MOF’s Budget team starts the process of preparing for the following year’s national Budget by first examining the government’s key priorities. For instance, to help strengthen economic competitiveness, the last three Budgets introduced programmes – such as the Industry Transformation Maps – to spur companies to build the required capabilities to thrive in a rapidly evolving global landscape.

“Another focus of the current government is to strengthen local communities and encourage citizens to care for one another. You’d see this in the continuing roll-outs of various schemes and programmes, such as the Community Network for Seniors. The pilot was first announced in Budget 2016, then extended nationwide through Budget 2018,” said Mr Lim.

This programme aims to help seniors remain healthy and connected to health and social services through active ageing, befriending and offering care and support.


Such programmes were developed through a bottom-up process within the government – with MOF compiling and prioritising specific spending requests from ministries and government agencies.

One key consideration is ensuring cost-effective spending, said Mr Lim.

“Internally, MOF has a range of budget mechanisms and controls in place to ensure effective spending of public monies. For example, under today’s block budget framework, the growth of ministry baseline budgets is pegged to 40 per cent of GDP growth.

“This ensures we do not spend more than what we earn as a country. The remaining 60 per cent is re-allocated to new priorities or areas of increasing need,” he added.

MOF also engages extensively with the public to explain government policies and gather feedback. This involves meeting representatives from the economy and society, such as industry associations, economists, voluntary welfare organisations, unions, media representatives, and tax consultants.

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Discussions at a Pre-Budget Dialogue with Second Minister for Finance Indranee Rajah and REACH Chairman Sam Tan (centre). Photo: MCI/REACH

“All this feedback helps us identify areas that we need to pay more attention to, and how we can implement our policies better. For example, one common item of feedback we get from companies is how we have many different schemes, which can be confusing. So in Budget 2018, we combined similar schemes to make things simpler,” said Mr Lim.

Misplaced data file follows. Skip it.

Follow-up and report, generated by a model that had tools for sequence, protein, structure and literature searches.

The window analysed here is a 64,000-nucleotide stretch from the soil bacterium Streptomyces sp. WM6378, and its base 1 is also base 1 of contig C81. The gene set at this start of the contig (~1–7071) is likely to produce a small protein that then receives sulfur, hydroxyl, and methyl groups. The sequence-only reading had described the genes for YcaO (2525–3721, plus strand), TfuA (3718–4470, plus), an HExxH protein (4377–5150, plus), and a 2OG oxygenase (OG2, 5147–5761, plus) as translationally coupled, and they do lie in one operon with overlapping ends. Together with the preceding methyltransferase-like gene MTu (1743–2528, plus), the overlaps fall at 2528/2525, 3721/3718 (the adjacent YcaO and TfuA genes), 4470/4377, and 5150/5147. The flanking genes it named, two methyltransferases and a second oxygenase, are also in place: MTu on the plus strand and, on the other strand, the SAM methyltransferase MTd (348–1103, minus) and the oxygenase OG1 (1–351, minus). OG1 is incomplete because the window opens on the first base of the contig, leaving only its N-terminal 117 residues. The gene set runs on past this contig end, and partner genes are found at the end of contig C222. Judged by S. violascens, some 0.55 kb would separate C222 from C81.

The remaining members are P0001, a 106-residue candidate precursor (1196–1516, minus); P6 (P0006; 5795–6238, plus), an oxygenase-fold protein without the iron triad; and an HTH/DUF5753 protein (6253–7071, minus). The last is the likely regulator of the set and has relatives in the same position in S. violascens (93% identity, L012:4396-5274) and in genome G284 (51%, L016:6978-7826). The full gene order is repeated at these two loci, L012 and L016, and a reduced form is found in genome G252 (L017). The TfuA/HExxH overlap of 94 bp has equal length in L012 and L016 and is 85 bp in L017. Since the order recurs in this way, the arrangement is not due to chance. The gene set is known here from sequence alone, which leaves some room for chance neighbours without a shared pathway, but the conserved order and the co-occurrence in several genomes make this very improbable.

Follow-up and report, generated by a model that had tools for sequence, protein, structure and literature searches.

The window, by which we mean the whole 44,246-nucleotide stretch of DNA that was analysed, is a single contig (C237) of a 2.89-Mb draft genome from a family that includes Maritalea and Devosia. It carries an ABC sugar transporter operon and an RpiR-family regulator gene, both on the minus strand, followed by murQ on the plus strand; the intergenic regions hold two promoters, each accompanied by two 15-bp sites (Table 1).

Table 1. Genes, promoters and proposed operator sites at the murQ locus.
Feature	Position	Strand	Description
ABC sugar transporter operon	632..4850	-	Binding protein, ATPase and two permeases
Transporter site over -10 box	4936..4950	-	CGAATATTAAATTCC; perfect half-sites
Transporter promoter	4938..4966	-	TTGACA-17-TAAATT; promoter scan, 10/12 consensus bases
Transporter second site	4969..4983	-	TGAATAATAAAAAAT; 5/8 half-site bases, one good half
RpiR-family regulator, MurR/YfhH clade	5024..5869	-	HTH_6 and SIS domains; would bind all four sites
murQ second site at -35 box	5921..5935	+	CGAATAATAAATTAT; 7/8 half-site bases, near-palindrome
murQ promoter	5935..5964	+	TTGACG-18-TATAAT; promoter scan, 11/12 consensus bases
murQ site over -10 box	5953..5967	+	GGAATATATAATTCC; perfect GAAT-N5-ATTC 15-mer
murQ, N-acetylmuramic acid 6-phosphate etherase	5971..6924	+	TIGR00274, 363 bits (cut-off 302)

From the internal discussions and public feedback, a list of potential Budget measures, as well as their costs, is drawn up and prioritised.

Said Mr Lim, “We consider various factors such as Singapore’s long-term plans and needs, the overall economic situation, and the progress of past programmes. We then allocate resources to the different programmes to ensure that they can be run effectively but also sustainably.”

“This gives us the rough shape of what the Budget will look like.”

Finally, in the months after the Budget speech, MOF continues to reach out to Singaporeans to explain the various Budget initiatives and what they mean for citizens, businesses and community groups.


While there are some similarities between national budgeting and household financial planning, there is one important difference. Unlike a household, where higher income is always better – in the country’s context, revenue ultimately come from taxpayers – be it an individual or a business.

“So we pay particular attention on the overall tax burden, and ensure that our taxes are progressive. Those with more means, should pay more taxes. This allows the government to redistribute and support those who need more help,” said Mr Lim.

Visit the Budget 2019 website to find out more about the Singapore Budget.